The Enrollment and Student Success team provides support to online and non-traditional students from the point of interest in a program through graduation. Our student success coaches work one-on-one with students to guide them through the admission process to the university, answer any questions they may have, provide support, and help ensure that students find a major that meets their educational goals. After admission to the student's chosen program, an intentional, warm handoff is made to the advising team to assist in course selection, degree planning, and to provide academic support and resources. The advising team checks in with all students multiple times each semester to provide just-in-time resources, academic coaching, and support. Course analytics access and strong faculty partnerships allow the advising team to be aware of a student's academic performance and provide early intervention resources as needed. The ESS team supports 9 of Boise State's fully online programs.
Flex: Boise State offers flexible programming for non-traditional students with both flexible locations and delivery methods. Delivery mode options include hybrid, remote, weekend, summer, evening and online courses to meet student needs. We offer a number of flexible locations to meet students where they are at. Locations include: Boise State main campus, Boise State Center at CWI, Boise State Center at CSI, Boise State Online, Couer d'Alene, and the Mountain Home Air Force Base.
Military Programs: Our military programs team supports Active Duty, National Guard, and Reserve students. We offer specialized academic support, testing services at the Mountain Home Air Force Base, and even a textbook lending library.
Community Impact Program (Rural Education): In 2019, President Marlene Tromp challenged the Boise State campus community to identify and deliver three unique educational programs to three unique rural communities in the Boise State University service area. The first three communities to participate in the program are McCall, Mountain Home, and Payette. CIP programming has been designed with community stakeholders. Each program will incorporate a deep connection between the community, faculty and students through a combination of off-campus experiences and accessible online education.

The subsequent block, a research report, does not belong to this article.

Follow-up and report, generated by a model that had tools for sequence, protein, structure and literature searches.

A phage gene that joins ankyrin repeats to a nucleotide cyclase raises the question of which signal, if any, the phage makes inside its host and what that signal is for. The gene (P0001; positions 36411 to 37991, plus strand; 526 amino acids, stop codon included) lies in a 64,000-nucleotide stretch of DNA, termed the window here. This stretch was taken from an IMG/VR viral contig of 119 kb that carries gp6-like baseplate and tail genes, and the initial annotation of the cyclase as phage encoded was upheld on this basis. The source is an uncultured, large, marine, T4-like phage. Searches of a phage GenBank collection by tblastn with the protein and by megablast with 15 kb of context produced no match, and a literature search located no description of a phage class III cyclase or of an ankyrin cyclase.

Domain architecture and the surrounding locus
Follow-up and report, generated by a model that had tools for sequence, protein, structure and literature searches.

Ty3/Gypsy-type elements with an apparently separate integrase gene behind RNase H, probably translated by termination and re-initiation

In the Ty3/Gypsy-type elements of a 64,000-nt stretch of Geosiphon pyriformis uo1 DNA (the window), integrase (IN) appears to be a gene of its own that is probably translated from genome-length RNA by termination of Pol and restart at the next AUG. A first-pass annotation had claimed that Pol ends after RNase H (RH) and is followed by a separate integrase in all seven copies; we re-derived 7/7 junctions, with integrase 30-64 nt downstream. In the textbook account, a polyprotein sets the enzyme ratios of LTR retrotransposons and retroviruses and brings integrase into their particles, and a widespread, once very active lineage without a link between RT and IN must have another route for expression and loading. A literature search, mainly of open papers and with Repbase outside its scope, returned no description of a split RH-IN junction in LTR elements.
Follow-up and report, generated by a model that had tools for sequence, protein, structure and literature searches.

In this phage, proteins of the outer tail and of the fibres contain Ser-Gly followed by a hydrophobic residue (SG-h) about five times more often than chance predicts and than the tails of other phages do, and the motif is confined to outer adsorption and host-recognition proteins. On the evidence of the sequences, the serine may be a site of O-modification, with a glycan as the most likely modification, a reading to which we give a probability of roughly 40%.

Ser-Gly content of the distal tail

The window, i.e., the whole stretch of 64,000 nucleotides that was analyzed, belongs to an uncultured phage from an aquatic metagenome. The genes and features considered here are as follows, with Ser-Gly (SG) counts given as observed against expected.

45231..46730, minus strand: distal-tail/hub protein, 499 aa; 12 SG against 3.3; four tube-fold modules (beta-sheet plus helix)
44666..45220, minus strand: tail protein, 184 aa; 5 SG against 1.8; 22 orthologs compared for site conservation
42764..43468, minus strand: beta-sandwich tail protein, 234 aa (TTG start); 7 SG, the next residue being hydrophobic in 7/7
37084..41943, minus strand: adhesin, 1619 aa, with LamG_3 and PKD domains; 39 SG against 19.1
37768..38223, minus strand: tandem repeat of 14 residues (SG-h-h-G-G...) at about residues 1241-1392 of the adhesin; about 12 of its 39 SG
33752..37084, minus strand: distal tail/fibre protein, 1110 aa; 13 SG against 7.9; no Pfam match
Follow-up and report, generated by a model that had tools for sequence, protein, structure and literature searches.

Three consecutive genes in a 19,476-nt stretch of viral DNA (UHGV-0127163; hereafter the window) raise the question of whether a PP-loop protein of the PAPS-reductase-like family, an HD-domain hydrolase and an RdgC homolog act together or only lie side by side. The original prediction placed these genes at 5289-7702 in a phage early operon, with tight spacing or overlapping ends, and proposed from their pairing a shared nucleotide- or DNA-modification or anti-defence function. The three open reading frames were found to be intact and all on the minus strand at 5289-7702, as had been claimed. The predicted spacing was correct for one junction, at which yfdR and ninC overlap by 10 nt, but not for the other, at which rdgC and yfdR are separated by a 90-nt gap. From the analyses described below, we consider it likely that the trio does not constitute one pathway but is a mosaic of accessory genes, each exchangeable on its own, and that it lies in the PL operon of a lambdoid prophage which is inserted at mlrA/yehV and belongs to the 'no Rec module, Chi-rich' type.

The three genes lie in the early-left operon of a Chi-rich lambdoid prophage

Center for Professional Development: The Center for Professional Development provides businesses, government agencies, non-profit organizations, and individual professionals with hands-on, immediately applicable learning opportunities. Our courses are available on campus, on-site, and online.
Osher: The Osher Lifelong Learning Institute is a membership-based lifelong learning program. We offer a wide variety of college-level, non-credit offerings for intellectually curious adults aged 50 and over.

For the percentage of students that participate in or directly benefit from the institution’s policies and programs to support low-income and non-traditional students - took the average between in stage (54%) and out of state (20%) students that are identified low-income and non-traditional.


Estimated percentage of students that participate in or directly benefit from the institution’s policies and programs to support low-income and non-traditional students:
37

Website URL where information about the institution’s accessibility and affordability initiatives is available:
Additional documentation to support the submission:
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Common Data Set dashboard for 2018 - 2019